Trademark ® ™

A word, phrase, design or combination thereof must be sufficiently distinct in order to identify a business or product. Under the trademark law, generic and/or descriptive marks are weak and, in the absence of established secondary meaning, cannot be registered or protected. Strong marks, that serve to uniquely identify a business or product without description, are arbitrary, fanciful or coined marks. These are readily subject to registration and/or protection under federal, state, and common law. Most marks are suggestive marks; they can be strong or weak depending on the level to which they describe the service or product which they represent. Suggestive marks can often be registered and protected.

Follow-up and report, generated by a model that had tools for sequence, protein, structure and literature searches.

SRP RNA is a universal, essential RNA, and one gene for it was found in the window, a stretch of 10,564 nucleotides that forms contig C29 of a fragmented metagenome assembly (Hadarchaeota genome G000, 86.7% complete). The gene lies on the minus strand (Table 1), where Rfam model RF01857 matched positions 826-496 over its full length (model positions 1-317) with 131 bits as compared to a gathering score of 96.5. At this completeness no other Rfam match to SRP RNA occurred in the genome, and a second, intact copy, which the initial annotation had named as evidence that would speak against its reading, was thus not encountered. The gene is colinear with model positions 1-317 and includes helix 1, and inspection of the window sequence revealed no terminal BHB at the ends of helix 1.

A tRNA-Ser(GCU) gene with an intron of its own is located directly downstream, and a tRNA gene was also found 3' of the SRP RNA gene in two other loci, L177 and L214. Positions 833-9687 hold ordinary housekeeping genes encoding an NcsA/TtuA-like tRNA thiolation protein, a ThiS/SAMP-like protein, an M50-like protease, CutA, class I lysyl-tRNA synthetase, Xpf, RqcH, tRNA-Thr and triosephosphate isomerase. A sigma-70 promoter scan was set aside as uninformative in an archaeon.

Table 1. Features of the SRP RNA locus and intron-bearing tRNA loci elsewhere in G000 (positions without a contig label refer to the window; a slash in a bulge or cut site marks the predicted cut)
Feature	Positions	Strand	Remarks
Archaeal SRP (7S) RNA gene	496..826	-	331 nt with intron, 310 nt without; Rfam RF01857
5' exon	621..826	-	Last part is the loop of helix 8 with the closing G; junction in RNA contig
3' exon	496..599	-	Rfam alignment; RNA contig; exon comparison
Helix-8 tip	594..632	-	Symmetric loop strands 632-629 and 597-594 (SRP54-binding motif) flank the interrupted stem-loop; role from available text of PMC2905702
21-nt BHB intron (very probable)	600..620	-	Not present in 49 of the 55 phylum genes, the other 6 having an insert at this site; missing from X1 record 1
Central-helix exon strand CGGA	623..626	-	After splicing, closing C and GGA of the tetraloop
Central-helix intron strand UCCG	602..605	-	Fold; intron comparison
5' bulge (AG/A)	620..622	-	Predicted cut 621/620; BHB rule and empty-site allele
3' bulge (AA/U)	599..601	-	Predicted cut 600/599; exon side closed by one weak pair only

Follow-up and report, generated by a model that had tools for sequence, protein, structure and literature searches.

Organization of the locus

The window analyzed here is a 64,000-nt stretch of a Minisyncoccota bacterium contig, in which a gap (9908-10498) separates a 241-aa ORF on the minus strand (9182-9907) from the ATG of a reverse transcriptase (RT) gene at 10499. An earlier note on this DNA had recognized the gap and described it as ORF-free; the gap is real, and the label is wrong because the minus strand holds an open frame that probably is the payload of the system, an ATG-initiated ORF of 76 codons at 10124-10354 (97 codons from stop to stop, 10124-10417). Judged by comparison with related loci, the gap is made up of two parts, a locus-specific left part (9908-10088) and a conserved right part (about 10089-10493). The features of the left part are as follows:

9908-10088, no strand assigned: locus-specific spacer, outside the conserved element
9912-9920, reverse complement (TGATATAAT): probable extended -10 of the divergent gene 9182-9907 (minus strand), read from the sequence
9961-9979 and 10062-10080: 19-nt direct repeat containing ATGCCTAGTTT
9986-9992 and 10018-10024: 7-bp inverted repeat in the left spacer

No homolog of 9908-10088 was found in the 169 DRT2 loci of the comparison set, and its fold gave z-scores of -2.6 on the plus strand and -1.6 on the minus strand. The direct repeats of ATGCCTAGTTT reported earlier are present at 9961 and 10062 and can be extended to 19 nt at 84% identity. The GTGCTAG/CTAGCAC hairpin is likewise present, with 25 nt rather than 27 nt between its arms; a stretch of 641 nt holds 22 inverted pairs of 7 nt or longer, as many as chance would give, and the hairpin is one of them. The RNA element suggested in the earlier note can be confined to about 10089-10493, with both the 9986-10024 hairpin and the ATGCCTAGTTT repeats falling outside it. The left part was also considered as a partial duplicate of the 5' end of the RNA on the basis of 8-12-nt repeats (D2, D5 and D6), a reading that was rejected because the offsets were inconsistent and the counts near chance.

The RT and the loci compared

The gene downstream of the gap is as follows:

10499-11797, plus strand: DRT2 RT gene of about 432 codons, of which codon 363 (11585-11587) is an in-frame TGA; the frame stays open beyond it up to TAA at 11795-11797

In today’s cyber-society, business owners must balance their desire to describe their business or product line within a memorable domain name while developing a strong, protectable, mark. For twenty five years, Lee Anne LeBlanc has developed, protected, and enforced all types of trademarks on behalf of her clients.

Practice Areas

Trade Secrets
Internet Law